University of British Columbia researchers launch app to map Metro Vancouver’s ‘smellscape’
When something fails to pass the ‘sniff test’ – whether it’s a plan of action or the milk in the back of the fridge – it’s often best to leave it be. But when it comes to unpleasant odours in the air, we don’t have much choice. We have to breathe.
Which is why two University of British Columbia researchers are studying the smells of Metro Vancouver through a new tracking app called SmellVan. They’re hoping residents will help map the city’s ‘smellscape.’ The goal is to better understand the relationship among odours, potentially harmful pollutants, and health.
“Odour is typically treated as a nuisance as opposed to something that directly affects health,” says Naomi Zimmerman, a mechanical engineer who studies air quality. “But experience of odour can be pretty intense – headaches, nausea.”
Smell Vancouver, or SmellVan, is a web-based app, available at smell-vancouver.ca. Zimmerman and fellow mechanical engineer Amanda Giang, whose work focuses on environmental policy, launched the app late last year to encourage members of the public to log odours and report any health effects they are experiencing. The pair plan to identify odour “hotspots” in the region and sample these areas for the potential presence of air pollutants.
With the help of a $250,000 grant from Ottawa’s New Frontiers in Research Fund, they have hired grad students to help analyze results, which they will share with municipal officials and collaborators with the BC Centre for Disease Control.
“Vancouver has a range of interesting smells that people encounter that might be related to health – we have agriculture, industry, marine traffic, waste disposal,” says Zimmerman. “We will look seriously at anything where people report severe health impacts.”
A similar smell tracking app launched by Carnegie Mellon University researchers in 2016 in Pittsburgh, Ohio found rotten egg smells were the most commonly reported odour. Researchers in that city linked the smell to hydrogen sulfide, which can cause headaches, dizziness, cough, nausea, and shortness of breath.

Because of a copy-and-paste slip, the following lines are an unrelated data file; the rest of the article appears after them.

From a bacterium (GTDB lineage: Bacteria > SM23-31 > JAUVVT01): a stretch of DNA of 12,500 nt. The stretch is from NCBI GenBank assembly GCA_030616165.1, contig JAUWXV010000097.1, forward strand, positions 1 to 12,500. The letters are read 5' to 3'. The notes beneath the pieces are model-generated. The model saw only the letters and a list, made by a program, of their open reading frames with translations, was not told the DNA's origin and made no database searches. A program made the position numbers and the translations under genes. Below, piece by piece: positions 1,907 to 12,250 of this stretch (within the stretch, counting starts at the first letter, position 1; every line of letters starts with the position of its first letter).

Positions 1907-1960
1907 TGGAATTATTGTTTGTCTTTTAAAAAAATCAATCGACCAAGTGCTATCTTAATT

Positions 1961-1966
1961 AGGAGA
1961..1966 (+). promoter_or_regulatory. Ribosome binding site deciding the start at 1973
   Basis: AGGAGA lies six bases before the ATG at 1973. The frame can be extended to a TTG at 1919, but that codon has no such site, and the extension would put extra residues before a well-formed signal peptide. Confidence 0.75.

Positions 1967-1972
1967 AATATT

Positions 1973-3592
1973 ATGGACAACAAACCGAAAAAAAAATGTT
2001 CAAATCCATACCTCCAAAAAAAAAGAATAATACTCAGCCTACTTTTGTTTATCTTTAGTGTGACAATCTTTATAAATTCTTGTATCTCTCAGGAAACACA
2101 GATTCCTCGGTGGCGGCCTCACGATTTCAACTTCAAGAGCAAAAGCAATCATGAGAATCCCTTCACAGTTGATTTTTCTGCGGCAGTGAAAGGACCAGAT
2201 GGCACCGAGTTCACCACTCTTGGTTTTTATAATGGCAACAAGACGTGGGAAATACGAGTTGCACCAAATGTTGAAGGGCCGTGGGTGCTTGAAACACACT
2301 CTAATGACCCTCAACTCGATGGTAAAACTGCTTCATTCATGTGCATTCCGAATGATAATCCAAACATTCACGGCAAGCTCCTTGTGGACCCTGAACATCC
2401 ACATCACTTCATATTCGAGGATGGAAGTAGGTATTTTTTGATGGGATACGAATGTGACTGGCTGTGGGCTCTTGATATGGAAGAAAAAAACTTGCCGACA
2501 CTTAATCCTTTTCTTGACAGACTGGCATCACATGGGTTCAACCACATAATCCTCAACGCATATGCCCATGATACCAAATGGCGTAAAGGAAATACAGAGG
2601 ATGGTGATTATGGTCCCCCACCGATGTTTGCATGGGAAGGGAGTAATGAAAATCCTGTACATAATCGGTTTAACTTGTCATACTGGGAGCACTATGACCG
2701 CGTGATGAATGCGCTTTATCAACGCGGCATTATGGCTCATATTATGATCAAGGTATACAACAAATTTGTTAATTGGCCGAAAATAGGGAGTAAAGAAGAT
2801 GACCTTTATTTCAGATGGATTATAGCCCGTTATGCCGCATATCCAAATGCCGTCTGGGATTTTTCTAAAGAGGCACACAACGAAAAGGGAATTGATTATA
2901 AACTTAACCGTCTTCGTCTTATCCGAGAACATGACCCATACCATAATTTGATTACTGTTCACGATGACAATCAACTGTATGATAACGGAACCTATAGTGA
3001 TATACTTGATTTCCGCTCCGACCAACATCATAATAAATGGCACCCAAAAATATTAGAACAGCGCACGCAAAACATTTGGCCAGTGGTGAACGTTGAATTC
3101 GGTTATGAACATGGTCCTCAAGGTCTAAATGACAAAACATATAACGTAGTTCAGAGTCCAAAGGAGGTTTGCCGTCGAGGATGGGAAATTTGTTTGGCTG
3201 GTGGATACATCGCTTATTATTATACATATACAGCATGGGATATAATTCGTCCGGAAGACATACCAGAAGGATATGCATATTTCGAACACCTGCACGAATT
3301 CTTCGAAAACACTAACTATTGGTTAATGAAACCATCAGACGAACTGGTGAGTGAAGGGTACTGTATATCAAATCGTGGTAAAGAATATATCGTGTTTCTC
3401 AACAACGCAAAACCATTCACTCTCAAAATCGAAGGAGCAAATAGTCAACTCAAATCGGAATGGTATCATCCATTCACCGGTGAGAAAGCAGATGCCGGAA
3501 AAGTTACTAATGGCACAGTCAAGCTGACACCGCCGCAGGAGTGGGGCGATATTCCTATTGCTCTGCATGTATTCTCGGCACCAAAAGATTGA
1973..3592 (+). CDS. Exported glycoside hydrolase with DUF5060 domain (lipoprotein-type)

Portland, Oregon and Louisville, Kentucky are among a handful of American cities that also offer residents smell apps. Zimmerman, who did a post-doc at Pittsburgh’s Carnegie Mellon University, was inspired by that city’s experience to create the first smell app for a Canadian city.
It’s not just about emissions
Giang says she’s learning to appreciate Metro Vancouver in a whole new way through residents’ smell reports. The app allows users to characterize smells, such as ‘chemical, decaying animal, smoky’ and rate how offensive they find the odour – from mildly to extremely.
“As air quality scientists, we are often focused on the emissions side. But people’s experience in terms of quality of life is important,” says Giang. “Some smells can indicate the presence of health-harming air pollutants—either because they’re emitted by the same sources, or because it’s reacting with the atmosphere or something that is co-emitted.”
While it’s early days for the app, the pair have already noticed reports from areas with meat processing plants, sewage line issues, and neighbourhoods experiencing a lot of wood smoke. They hope to launch a ‘Sniff of the Month’ appeal on Twitter to highlight significant odours and gather more users.
Giang and Zimmerman will keep the app going for at least two years so they can track seasonal differences in Vancouver’s smellscape. They want to capture the ways in which atmospheric chemicals oxidize or otherwise change, depending on sunlight, temperature, and humidity.
They will also use the smell reports and air quality measurements to help ground-truth their air quality computer models and estimates of odour and air contaminant emissions.
“We hope it will offer residents a sense of validation and a source of information if they want to self-mobilize,” says Zimmerman. “It’s a way to get the community engaged.”